Ok, in answer to everyone's question 'have you made any work yet?'………yes, but not in the way everyone 's expecting. I've transported piles of refractory bricks and materials all the way from the UK so that I can build a small glass furnace on the base, I'm going to try and get the temp to 1200 C and melt some of the waste glass bottles (no shortage of supply……..)to do some experimental work with the hot glass and ice. I've been allocated a space outside at the back of the base where I can build it away from other buildings for obvious reasons, but this needs to be cleared of a mountain of stones, making the area flat and building them up to provide some shelter from the wind. Everyone's been very busy with unpacking supplies and recycling the packaging since the ship left, so basically I've been helping around base and waiting for the JCB digger to be fixed. I've enjoyed having a period of getting to know how the base functions instead of launching straight in to making things.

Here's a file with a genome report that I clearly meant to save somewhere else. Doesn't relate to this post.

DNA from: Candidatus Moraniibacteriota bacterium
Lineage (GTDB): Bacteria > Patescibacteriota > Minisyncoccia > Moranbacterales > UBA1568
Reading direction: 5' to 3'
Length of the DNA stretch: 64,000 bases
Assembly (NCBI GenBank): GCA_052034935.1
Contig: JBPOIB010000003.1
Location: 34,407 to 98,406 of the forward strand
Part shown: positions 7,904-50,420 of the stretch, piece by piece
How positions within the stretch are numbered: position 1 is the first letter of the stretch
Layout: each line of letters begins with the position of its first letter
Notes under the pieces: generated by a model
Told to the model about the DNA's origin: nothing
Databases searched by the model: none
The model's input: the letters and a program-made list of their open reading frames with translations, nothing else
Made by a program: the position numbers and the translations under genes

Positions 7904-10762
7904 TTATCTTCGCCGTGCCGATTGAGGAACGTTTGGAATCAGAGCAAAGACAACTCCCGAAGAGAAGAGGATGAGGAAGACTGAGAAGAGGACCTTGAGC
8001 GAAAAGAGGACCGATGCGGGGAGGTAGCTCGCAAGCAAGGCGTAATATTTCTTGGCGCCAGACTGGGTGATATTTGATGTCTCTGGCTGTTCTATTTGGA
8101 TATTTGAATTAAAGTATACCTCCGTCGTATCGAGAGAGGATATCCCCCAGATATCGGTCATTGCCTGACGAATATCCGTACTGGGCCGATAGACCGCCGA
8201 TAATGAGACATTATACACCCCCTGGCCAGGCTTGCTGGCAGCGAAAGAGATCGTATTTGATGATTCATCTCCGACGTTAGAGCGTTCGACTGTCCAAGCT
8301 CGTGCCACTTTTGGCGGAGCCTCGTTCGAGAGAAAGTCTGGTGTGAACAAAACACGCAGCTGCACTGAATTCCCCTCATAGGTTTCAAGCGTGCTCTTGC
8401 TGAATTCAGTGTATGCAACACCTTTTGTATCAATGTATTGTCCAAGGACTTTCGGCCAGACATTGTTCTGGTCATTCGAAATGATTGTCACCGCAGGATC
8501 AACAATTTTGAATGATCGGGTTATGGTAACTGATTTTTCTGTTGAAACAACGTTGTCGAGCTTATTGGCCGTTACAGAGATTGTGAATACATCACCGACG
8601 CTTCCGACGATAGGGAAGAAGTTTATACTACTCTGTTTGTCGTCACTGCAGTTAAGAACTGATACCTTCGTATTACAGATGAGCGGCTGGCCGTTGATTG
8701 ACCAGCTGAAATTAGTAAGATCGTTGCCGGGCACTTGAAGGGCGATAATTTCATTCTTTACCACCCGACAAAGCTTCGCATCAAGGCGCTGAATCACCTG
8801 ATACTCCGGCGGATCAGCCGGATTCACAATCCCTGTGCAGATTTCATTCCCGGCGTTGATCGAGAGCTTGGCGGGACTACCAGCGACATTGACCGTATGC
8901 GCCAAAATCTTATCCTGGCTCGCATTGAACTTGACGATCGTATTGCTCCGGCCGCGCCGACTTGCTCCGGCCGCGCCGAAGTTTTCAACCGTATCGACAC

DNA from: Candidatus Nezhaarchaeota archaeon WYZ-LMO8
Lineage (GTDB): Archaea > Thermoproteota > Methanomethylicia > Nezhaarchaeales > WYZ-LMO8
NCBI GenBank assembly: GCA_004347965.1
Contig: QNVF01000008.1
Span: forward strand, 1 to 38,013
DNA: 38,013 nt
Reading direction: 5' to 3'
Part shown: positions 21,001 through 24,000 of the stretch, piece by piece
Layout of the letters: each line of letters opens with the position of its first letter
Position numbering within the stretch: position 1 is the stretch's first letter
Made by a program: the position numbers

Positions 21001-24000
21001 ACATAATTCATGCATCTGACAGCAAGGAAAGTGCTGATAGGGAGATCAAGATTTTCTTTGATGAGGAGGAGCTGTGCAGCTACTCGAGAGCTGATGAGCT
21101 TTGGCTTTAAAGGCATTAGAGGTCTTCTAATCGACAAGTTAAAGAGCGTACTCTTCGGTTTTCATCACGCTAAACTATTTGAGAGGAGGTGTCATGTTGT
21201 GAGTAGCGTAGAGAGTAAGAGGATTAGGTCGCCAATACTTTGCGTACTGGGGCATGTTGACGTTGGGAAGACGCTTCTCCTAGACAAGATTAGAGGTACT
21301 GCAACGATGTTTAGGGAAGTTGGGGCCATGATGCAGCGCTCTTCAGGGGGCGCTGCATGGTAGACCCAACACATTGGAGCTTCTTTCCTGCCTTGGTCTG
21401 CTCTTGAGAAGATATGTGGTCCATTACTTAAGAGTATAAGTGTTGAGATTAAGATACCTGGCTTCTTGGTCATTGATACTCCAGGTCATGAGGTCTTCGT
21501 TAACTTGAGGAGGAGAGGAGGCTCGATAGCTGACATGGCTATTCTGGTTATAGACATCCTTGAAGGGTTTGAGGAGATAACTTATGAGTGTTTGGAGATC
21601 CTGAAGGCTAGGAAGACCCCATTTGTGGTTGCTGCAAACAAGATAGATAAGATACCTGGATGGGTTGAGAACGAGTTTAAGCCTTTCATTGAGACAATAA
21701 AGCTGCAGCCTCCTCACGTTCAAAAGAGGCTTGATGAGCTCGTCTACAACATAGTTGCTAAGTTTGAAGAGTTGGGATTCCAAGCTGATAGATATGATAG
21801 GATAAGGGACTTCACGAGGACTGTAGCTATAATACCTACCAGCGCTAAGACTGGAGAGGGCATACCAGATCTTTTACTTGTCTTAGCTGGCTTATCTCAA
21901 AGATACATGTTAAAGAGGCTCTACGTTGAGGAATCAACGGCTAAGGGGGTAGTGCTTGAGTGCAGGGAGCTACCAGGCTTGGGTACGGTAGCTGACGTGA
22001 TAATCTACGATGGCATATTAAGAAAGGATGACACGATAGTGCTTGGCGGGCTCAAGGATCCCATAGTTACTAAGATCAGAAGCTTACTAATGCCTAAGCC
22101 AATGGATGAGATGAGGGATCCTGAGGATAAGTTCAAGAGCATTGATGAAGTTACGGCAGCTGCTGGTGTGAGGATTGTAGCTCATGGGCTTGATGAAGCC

The 'miracle span' is where all the recycling happens, and I've spent sometime working with Andy in there. All the paper, cardboard and plastic is separated and squeezed by a machine into manageable blocks which are then shipped all the way back to the UK. Everyone's really sick of how much packaging comes on stuff that's delivered, especially plastic. When you're living within a small enclosed circuit of consumption and waste, the problems of waste in the community becomes so much more glaringly obvious.

I'm actually quite drawn to the plastic, and have been using it to make some work – its transparency and abundance seem as much part of the base as the ice and snow.

I ran a 10k race dressed as a penguin, drank too much and danced in the sledge store on new years eve. The band was brilliant.